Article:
The tournament begins as soon as you open the box. Out fall a 70-something page manual, three official game cards and a small poster brandishing registration details. It seems to me a pleasingly old-fashioned (that is to say offline) kind of community gaming, and certainly 7 Trials is a fantasy game that's in touch with its real world card game origins. It's all about buying enough card packs, then filtering through the crap and selecting your strongest 40 to represent you in duels. And since buying more and more packs will ultimately make you a better player, Yu-Gi-Oh! loses none of its consumerist backbone in the transition from trading card game to videogame.
So appropriately, there's no real strategy involved in the shopping element of the game. In the same way as players of the card game might like to think that by feeling the packs in the store they will attain some divine intervention telling them which to go for, my shopping strategy in the game extended to dumbly scrolling through the selection until the salesman uttered his completely random "I recommend this pack" line on one I liked the look of.
You would expect, therefore, that the strategy element was fully exploited in the battles themselves, but at the end of the day it is just a card game, and the luck of the draw is more important than many modern gamers will happily accept. Even this, however, is only as effective in deciding a victor as is the bewildering and essentially unexplained effects caused by the many spell cards, chain rules and dice throws.
True, there is a substantial consumer base—excuse the marketing executive lingo, but it just seems to fit with the game's aura of "committee" design—that will be only too familiar with the original card game rules, and therefore perhaps slightly nonplussed at my broad criticism of its rule set. As a gamer and games designer, however, it's virtually impossible for me to discern whether 7 Trials is well balanced or not, so seemingly arbitrary are the rules and wickedly varying card descriptions. I, for one, am not prepared to give Yu-Gi-Oh! , as a videogame, the benefit of the doubt. The mathematical finality of the duels can be satisfying—for those of us geekily susceptible to a bit of number play—but it's slight praise, and the randomness of the game all too often spoils it anyway. Witness, for instance, the joy of a "Dark Hole" card destroying every single monster card on the field, or the ineffable thrill of "Byser Shock" sending all your field cards back to your hand.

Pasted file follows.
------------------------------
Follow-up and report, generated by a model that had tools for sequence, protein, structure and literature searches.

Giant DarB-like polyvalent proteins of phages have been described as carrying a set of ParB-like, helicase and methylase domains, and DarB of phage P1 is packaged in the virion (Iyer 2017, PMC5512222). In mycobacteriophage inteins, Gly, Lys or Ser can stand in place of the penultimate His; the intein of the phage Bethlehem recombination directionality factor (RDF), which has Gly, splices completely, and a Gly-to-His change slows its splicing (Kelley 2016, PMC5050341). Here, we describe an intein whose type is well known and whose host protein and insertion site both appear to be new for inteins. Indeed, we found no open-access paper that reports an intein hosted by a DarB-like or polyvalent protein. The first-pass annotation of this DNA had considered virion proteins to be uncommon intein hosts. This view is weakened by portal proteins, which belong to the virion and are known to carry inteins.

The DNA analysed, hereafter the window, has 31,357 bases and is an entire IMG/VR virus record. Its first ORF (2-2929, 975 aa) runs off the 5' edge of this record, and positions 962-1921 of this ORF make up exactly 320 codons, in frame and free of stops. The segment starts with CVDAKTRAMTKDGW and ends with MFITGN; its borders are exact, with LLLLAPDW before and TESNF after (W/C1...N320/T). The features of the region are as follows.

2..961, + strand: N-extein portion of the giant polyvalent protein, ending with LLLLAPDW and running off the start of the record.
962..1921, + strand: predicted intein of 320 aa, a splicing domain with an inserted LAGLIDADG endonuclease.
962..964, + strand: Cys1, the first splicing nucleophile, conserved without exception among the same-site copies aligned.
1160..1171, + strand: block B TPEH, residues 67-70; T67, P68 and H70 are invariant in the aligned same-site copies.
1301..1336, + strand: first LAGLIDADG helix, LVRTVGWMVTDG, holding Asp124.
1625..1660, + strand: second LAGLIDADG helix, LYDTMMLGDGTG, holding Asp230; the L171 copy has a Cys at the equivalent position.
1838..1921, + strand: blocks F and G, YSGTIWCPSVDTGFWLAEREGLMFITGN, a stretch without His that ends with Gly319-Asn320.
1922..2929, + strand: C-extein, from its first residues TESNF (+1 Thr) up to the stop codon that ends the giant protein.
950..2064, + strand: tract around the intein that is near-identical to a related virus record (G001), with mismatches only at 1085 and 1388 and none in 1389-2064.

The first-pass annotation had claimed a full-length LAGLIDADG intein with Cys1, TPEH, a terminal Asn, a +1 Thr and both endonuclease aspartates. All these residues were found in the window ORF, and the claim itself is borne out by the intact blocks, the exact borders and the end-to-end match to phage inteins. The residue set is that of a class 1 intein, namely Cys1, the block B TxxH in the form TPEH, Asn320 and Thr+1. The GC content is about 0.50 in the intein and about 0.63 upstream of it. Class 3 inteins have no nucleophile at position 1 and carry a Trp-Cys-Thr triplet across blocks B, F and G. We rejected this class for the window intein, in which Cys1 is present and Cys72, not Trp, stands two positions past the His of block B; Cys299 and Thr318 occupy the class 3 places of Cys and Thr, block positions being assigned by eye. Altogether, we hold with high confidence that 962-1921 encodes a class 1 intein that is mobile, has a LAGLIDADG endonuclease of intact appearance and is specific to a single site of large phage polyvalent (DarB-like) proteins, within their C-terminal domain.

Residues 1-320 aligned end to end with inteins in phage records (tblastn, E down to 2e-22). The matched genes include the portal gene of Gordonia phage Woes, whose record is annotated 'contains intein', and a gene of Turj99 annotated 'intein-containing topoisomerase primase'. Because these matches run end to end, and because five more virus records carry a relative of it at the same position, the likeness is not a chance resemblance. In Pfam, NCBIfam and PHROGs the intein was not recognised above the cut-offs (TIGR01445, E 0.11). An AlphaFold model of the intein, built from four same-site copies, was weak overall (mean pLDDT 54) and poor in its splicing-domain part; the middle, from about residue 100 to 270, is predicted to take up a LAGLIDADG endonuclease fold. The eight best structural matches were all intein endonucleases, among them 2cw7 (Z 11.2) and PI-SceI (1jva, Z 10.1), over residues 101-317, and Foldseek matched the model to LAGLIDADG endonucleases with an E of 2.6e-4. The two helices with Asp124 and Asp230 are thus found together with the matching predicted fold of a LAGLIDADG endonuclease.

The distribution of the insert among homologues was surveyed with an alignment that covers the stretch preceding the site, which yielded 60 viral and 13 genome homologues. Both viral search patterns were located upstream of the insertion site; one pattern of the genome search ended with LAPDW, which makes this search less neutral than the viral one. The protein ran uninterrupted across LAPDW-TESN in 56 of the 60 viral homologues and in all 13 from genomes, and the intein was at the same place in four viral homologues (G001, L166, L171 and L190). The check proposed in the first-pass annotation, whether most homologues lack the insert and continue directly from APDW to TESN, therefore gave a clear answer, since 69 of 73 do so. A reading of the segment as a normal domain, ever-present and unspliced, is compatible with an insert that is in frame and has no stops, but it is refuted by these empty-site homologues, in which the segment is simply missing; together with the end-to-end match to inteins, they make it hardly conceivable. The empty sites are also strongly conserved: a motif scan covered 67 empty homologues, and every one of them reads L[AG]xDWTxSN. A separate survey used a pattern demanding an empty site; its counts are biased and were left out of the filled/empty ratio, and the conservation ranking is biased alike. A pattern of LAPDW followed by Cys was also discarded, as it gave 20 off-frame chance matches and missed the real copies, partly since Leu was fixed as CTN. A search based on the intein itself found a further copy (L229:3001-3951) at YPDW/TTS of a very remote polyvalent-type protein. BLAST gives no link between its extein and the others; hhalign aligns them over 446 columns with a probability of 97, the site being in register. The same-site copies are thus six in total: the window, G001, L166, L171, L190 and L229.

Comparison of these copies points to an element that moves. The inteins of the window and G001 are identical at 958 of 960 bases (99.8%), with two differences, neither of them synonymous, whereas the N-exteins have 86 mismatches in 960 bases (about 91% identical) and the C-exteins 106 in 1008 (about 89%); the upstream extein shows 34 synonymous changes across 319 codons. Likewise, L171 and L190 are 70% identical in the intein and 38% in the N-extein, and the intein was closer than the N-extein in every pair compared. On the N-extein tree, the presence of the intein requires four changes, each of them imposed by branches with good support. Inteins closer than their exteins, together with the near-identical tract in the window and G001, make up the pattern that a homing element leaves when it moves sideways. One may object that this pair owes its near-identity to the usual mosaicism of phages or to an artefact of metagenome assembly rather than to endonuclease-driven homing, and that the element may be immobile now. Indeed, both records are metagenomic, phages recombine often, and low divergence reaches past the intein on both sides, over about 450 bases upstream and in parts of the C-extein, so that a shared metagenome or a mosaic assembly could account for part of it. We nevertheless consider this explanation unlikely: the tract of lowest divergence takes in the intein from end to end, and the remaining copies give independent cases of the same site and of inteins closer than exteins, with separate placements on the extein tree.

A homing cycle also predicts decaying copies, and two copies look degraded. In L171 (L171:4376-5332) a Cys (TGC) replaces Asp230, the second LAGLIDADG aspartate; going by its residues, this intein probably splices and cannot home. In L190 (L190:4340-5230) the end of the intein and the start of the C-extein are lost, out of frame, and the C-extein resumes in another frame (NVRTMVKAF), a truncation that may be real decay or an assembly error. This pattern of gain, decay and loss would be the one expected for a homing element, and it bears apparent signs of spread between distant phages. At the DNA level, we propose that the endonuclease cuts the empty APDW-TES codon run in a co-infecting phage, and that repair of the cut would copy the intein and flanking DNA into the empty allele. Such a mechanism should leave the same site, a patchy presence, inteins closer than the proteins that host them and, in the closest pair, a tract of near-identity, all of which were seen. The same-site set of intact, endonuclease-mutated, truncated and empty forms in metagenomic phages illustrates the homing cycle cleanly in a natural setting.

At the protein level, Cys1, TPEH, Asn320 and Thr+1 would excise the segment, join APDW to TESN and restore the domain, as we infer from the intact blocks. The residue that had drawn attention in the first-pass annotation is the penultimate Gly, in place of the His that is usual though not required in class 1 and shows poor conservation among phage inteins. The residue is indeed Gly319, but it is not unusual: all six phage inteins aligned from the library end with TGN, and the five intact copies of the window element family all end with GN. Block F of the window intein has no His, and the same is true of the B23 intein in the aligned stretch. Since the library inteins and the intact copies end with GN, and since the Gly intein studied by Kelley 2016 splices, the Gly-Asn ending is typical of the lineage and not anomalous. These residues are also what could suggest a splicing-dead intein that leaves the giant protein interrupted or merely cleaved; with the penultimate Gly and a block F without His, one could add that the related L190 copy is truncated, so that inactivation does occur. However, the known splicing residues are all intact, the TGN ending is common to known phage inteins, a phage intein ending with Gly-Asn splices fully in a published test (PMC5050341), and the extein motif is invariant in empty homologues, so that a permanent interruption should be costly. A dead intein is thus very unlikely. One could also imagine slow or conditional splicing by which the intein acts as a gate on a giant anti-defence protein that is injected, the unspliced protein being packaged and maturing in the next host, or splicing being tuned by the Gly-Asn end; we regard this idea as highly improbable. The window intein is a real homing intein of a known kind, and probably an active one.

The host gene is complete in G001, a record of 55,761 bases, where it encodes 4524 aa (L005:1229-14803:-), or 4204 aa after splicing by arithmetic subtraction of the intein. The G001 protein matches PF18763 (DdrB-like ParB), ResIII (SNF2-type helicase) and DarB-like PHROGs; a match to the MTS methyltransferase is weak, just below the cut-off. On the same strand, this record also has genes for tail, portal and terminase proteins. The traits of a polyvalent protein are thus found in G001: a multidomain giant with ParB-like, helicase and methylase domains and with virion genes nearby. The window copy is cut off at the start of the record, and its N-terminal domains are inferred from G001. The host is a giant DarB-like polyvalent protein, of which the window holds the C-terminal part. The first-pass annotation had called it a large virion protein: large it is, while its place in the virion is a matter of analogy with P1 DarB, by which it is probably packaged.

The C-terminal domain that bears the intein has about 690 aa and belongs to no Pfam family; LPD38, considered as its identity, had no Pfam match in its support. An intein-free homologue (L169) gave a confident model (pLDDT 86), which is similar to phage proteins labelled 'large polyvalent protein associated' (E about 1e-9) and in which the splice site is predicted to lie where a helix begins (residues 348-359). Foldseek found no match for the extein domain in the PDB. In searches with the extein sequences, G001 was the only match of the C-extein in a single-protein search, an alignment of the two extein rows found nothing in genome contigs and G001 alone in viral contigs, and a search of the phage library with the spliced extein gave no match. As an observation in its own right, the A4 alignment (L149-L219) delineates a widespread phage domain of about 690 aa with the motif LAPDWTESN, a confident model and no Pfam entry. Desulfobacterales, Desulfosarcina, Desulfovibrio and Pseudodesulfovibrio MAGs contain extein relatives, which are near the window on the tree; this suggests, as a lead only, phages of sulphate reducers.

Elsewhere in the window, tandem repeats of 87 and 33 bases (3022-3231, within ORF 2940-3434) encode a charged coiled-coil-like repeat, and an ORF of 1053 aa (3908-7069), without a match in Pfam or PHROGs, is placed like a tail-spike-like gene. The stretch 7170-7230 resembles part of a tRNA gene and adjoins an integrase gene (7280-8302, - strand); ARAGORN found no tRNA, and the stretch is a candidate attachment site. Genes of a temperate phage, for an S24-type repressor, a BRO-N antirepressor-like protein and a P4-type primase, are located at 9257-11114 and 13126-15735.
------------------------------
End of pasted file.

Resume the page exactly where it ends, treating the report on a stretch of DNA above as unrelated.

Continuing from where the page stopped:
To some degree, it's heartening to know that "the kids" are willing to learn, obey and even enjoy the science of the strict, mathematical rules behind such a statistically complex yet visually stale piece of entertainment. Even if the rules are arbitrary, they are at least consistent and (if you know them well enough) understandable. But stable game design just isn't enough to justify an inherently unrewarding and aimless experience, being as much a description as it is an appraisal. The artistry on display here is merely one of commercial function rather than aesthetic form, akin to that of, say, a successful McDonalds advertising campaign. Sadly, just like the big M's marketing execs, it'll probably do exactly what it sets out to do: sustain the brand and make plenty of money in the process.
The result is an ostensibly static game to anyone without the required knowledge to make it work, or the enthusiasm to want it to in the first place. Like a deflated football, 7 Trials doesn't encourage you to play, nor does it promise exciting play, it just makes play possible. To call it a bad game seems somehow futile, but after many, many hours of vapid losing and almost equally vapid winning (a process that felt far too much like playtesting for my liking) I haven't been compelled to write anything wholly positive at all. Looking to reviews of its predecessor—Championship Tour 2004, no less—for inspiration, I saw one praise it as "a game that could theoretically last forever." Well, it's only fair to say that the same is also true of this edition; but if all the game consists of is an unending slog through identical, pointless card games and forever being asked if I want to "Activate a Spell/Trap card?" between button presses, then I would have to say that's one hell of a "theoretical" waste of forever.